Some telescopes require a great deal more calibration and set up, and some are better suited for certain types of photography than others.
Choose a telescope that’s designed for your level of experience and knowledge to prevent frustration.
Compact & Portable
A big powerful telescope is good if you live in an area with clear skies and have a large backyard.
If you live in the city, though, you’re better off with a lightweight and portable telescope.
Ease Of Use
Refractor telescopes don’t need collimation or aligning so they’re good for newbies. This means they’re easy to focus and use for any user level.
When you’re searching for telescopes for astrophotography, price is important and it varies depending on whether you want a refractor or reflector telescope.
Accessories & Equipment Needed
There are additional things you need to invest in including a camera, mounts, T-ring adapter, a dew shield, remote timer shutter, and software.
Some telescopes come with these accessories and much more, but it depends on your needs.
Area Of Interest
If you have a particular area of astrophotography you want to specialize in, it’ll determine the kind of telescope you should pick.
It can be for high-resolution work or wide-field astrophotography, like say you want to view the planets and solar system or the deep sky.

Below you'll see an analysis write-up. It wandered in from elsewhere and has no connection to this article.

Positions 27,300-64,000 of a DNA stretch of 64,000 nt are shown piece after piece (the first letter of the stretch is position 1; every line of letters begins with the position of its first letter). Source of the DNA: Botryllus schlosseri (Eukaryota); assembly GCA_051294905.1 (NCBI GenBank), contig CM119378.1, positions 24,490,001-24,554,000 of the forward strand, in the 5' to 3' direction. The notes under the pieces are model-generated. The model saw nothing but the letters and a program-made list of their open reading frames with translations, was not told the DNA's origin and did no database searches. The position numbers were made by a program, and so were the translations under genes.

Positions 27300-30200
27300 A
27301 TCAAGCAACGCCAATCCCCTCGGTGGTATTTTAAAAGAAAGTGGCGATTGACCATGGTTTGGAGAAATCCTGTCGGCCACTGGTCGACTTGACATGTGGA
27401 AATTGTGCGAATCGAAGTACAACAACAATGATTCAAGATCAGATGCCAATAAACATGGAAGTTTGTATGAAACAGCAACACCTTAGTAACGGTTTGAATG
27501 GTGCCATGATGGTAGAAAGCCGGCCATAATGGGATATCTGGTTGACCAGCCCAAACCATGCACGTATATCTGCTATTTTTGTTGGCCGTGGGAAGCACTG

Telescopes for viewing the solar system and planets require long focal length, while deep sky astrophotography needs a fast, short focal length telescope with a lot of aperture and focal length.
Astrophotography is a great hobby that’s worth trying out if it’s financially viable for you, but if it isn’t, you can use astrophotography apps with your smartphone to begin with and invest later on.
Research thoroughly before picking any one of our five best telescopes for astrophotography.THIS POST MAY CONTAIN AFFILIATE LINKS. PLEASE READ DISCLOSURE FOR MORE INFO.
Elsie started off as a freelance business and tech journalist. Having written for publications like Lifewire, and WindowsReport, she has garnered immense exposure over the years. She is a certified social media expert with deep interest in internet marketing, ecommerce and information technology.